Go from there to see an appropriate place for her to live BUT NOT WITH YOU .
Like the others said low income apartment , with access to public transportation to hopefully a job.
If the doc says she can’t live alone ask for help with a social worker for possibly a group home situation , where she could possibly take the bus to some sort of job for other adults with limitations .
If she has dementia , social worker can help with placement for that .
Helpful Answer (9)
Reply to Way2tired

You and your mom are much too you g to be dealing with this! 55 is middle age.
Helpful Answer (9)
Reply to PatsyN

I was just a couple of years older than you when my parents got divorced. My mother had never lived alone before and relied on me for everything. Fortunately she was set financially and she bought an antique house to move into. It required a lot of work. I worked full time and had my own house (the family house which I stayed in when my parents moved out because of special needs animals) which needed work as well. It took six months before I could have dinner alone at my house. She kept finding excuses to have me come over then when I got there I’d find that she changed her mind about whatever work the house needed and had made dinner for two. I was doing all the household repairs at the beginning and I had to teach her how to find professionals to do the job. She finally started calling professionals instead of me. It took many months of both joint and individual counseling to help me reinforce limits. When she heard someone else repeat what I tried saying she got the message. Not only was she able to learn how to live on her own but she also eventually moved thousands of miles from me or my brother! Once she finally found her independence she was happier than she had ever been before in her life and a lot of people saw her as a role model! Now that she is in her 90s she still wants to live independently even though now she needs help, and I am now having to help her adjust to the idea of having someone in daily to do things for her!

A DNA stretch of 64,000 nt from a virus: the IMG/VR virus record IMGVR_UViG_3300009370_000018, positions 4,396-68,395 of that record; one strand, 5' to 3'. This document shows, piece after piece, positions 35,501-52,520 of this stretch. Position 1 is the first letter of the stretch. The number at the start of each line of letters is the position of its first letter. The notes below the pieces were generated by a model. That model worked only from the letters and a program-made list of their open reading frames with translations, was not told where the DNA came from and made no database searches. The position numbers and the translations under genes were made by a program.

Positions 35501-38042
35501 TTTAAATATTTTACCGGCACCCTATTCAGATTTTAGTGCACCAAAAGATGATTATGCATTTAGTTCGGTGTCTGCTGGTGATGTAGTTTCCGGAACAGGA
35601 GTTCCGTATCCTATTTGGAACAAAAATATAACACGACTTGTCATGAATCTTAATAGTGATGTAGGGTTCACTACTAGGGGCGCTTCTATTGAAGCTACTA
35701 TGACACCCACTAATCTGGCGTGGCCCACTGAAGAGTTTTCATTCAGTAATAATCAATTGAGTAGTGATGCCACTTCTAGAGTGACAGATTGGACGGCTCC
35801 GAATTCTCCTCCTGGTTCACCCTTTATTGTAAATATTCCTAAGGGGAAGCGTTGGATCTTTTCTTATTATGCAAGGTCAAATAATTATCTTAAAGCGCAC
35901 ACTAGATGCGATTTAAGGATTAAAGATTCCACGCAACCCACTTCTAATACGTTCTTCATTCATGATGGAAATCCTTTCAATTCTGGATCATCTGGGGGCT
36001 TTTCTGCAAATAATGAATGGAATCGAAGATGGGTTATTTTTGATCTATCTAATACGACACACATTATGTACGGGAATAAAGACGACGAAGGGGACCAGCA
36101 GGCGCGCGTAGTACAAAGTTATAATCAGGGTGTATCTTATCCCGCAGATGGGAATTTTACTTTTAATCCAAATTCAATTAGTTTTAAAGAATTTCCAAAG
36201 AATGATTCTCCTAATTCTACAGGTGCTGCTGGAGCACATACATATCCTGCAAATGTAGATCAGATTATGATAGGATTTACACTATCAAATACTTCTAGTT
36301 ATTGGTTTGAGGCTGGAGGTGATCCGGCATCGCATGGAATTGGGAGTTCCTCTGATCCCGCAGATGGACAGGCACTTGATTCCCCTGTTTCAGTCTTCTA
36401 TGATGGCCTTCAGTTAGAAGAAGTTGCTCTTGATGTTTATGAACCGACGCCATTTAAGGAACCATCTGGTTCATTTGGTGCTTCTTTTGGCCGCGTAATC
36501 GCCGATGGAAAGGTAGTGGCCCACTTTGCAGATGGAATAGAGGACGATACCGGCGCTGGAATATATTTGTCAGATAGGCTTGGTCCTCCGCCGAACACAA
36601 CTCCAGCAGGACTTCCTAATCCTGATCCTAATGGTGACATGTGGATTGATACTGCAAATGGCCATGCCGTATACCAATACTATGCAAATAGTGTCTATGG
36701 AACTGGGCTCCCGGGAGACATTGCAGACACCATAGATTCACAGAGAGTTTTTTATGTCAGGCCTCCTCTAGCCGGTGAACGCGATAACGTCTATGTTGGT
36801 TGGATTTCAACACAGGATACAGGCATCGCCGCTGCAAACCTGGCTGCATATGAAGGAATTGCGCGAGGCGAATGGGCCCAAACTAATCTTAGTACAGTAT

There is hope and it can be done gently but effectively. Counseling is a very good place to start and you may need to teach your mother some skills but in the end you can regain your freedom and she may go on to find a new, very happy life! You do have to stand firm as everyone has said and a counselor can help with that, but it is worth it and it may make your relationship stronger when you are on equal grounds.
Best of luck!
Helpful Answer (9)
Reply to Animallovers